What is Stalking?
Legal definitions may vary by jurisdiction, but stalking is generally defined as a course of conduct directed at a specific person that would cause a reasonable person to feel fear. Stalking is a crime in all 50 states, the District of Columbia, the U.S. territories, and the federal government as well as a violation of the Wake Forest University Sexual Misconduct Policy. Stalking is serious, often violent, and can escalate over time.
A stalker can be someone you know well or someone you do not know at all. Most stalkers have dated or been involved with the person they stalk.
Stalking victims are not to blame for a stalker’s behaviors and it is estimated that 6.6 million men and women are affected by stalking each year.
Some things stalkers do
- Follow you and show up wherever you are.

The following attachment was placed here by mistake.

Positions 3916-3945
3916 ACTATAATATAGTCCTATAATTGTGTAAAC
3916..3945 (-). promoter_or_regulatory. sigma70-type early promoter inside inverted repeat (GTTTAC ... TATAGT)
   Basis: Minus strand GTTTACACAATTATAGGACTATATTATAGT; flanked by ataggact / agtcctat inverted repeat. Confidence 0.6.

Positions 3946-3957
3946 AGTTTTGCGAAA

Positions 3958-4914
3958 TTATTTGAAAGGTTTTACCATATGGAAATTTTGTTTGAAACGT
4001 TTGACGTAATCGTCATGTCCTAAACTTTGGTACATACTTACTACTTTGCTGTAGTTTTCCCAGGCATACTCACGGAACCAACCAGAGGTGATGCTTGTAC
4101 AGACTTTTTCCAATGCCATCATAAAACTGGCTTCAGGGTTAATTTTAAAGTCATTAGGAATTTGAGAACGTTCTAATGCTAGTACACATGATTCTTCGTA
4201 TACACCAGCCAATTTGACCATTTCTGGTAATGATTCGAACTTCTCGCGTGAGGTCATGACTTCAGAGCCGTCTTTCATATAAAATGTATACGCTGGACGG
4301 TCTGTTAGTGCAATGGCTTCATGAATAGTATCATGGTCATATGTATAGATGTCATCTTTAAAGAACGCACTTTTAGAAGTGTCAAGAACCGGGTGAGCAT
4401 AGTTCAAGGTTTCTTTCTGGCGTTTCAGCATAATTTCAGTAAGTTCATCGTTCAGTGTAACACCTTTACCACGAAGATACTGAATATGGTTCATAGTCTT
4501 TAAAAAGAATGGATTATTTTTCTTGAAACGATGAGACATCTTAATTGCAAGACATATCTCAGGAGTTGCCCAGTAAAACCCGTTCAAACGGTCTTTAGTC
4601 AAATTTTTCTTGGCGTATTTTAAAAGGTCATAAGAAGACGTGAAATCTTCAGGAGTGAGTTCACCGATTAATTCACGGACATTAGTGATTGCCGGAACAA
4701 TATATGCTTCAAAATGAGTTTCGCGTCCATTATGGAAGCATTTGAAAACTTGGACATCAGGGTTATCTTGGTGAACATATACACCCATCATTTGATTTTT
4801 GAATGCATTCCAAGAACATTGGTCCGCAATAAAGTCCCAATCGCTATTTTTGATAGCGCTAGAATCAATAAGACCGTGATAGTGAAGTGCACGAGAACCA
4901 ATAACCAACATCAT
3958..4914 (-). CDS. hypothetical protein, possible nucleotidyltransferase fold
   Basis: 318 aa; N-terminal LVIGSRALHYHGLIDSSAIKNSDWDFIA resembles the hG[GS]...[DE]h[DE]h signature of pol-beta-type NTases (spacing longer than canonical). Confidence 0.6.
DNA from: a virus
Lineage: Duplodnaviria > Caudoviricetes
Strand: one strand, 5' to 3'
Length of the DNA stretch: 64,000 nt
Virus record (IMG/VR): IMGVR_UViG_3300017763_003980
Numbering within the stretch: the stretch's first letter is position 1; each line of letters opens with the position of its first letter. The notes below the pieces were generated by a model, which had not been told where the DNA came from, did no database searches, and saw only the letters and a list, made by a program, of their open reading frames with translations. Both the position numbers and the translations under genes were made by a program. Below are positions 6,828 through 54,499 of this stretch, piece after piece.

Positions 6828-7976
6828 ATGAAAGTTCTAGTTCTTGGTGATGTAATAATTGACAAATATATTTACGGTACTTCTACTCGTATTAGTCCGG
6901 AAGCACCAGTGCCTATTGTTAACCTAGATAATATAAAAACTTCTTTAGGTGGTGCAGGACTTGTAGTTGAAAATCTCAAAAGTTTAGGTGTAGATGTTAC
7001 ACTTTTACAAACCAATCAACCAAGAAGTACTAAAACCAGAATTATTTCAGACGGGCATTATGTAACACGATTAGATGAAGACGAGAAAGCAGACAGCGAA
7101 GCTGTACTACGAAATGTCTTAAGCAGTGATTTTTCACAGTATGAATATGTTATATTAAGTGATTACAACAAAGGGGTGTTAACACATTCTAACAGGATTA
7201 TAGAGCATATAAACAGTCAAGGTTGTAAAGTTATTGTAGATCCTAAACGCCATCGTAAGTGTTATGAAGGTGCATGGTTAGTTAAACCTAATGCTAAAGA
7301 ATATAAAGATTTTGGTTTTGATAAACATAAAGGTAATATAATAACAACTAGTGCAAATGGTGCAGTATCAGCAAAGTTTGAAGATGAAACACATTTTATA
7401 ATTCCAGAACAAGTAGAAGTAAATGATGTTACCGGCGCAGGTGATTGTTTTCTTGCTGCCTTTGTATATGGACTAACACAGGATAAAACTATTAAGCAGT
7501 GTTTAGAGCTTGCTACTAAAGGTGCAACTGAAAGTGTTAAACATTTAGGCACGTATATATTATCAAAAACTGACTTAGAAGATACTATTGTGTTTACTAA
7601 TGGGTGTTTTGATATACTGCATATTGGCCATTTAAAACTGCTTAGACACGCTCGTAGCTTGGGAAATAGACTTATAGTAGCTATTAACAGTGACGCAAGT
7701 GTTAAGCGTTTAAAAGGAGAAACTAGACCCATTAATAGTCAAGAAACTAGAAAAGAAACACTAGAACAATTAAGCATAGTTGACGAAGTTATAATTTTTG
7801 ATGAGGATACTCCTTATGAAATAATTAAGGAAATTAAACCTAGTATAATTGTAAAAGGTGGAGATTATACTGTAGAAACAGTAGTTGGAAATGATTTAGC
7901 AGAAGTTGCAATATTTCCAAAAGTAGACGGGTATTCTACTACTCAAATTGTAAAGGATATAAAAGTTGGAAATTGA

- Send unwanted gifts, letters, cards, emails, text messages, or social media messages.
- Damage your home, car, or other property.
- Monitor your phone or computer use.
- Use technology, like GPS or social media “check-ins” to track your location.
- Pass by or hang out at your dorm, classes, or work.
- Threaten to hurt you, your family, friends, or pets.
- Find out about you by using public records, social media, contacting friends, family, or acquaintances.
- Post information or spread rumors about you on the internet, a public place, or by word of mouth.
- Other actions that control, track, or frighten you.
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